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Wilson v. York Condominium Corporation No. 133 - 2022 ONCAT 6 - 2022-01-17


WYCC 133




In the case of Wilson v. York Condominium Corporation No. 133, the parties, the Applicant and York Condominium Corporation No. 133 (YCC 133, the Respondent), have reached a Consent Order to settle their dispute regarding access to records. They have agreed on specific terms, including the provision of paper copies of records and notifications to the applicant. These terms ensure that Mr. Wilson will have access to relevant documents and communications through regular mail.


CAT Decisions - Consent Order
Access to Records
Entitlement to Records


The case of Wilson v. York Condominium Corporation No. 133 was resolved through a Consent Order, demonstrating the effectiveness of cooperative settlement in condominium disputes related to access to records. The order specifies the provision of paper copies of requested records and mandates future communication by regular mail to the Applicant unless specific legal requirements dictate registered mail. Importantly, the Tribunal emphasizes that the case has been fully resolved in Stage 2, with no possibility of reopening, and outlines the legal enforcement process for non-compliance. This case underscores the importance of finding mutually agreeable solutions and adherence to legal requirements in condominium disputes.


Settlement through Consent Order: The case of Wilson v. York Condominium Corporation No. 133 was settled through a Consent Order, demonstrating the parties' agreement to resolve the matter cooperatively.

Access to Records: The dispute centered around access to specific records, including invoices and purchase orders, relating to the condominium corporation.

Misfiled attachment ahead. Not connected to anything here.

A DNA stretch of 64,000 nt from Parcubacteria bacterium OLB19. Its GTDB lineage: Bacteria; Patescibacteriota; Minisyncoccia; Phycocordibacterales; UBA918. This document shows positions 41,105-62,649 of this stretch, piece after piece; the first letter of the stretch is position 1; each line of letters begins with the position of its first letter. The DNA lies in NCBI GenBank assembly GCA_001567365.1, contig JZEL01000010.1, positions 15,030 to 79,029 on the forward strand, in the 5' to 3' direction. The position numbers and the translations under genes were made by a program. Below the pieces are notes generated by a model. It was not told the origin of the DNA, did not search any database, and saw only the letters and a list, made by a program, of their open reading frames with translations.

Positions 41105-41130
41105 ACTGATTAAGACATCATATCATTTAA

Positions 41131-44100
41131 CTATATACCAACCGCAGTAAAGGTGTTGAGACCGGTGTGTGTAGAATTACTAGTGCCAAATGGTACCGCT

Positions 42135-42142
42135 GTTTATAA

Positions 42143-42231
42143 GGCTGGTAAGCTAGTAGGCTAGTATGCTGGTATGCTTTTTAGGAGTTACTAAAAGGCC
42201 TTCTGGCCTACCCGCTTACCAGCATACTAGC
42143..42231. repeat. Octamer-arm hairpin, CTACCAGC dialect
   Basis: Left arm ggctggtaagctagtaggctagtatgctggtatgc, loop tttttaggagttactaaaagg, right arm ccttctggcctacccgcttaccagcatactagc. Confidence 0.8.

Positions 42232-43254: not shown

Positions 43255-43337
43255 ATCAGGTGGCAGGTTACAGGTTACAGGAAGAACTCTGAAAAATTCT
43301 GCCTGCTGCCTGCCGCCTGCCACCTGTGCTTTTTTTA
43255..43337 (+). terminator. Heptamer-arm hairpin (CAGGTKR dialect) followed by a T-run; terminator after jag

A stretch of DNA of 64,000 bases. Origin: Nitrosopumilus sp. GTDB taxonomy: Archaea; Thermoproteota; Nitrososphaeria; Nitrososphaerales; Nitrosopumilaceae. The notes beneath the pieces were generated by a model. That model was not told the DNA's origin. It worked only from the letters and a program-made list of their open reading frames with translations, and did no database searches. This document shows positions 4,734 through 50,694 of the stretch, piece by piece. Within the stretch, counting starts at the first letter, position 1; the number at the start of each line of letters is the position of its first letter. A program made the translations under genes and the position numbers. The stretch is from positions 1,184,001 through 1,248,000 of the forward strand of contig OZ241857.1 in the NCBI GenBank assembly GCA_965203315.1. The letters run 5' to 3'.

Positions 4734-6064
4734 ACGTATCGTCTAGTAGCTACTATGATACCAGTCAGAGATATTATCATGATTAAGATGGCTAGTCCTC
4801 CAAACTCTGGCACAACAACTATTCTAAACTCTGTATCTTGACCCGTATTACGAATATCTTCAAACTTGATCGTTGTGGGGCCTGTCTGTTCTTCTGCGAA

Paper Copies of Records: As part of the agreement, the Respondent, YCC 133, agreed to provide the Applicant with paper copies of the requested records for pickup at the management office.

Future Communication: The Consent Order also stipulated that YCC 133 would provide the applicant with paper copies of all communications and notifications to owners through regular mail unless other legal requirements dictated registered mail.

Closure of Case: The Tribunal ordered the file to be closed, signifying the full resolution of the case in Stage 2, with no possibility of reopening, and outlined the legal enforcement process if the terms of the order were not met.


Encourage Dispute Resolution through Mediation: This case highlights the effectiveness of resolving condominium disputes through mediation and consent orders. Encourage parties to engage in mediation to reach mutually acceptable solutions, saving time and resources for all parties involved.

Clarity in Record Access: Condominium corporations should ensure clarity in providing access to records to owners as per legal requirements. It's important to follow the Condominium Act, declaration, or by-laws when delivering documents, and establish a standard procedure for delivering records to owners.

Legal Enforcement Awareness: Parties should be aware that in case of non-compliance with Consent Orders, they can be enforced through the Ontario Superior Court of Justice. This awareness may motivate parties to adhere to the agreed-upon terms, promoting smoother dispute-resolution processes.

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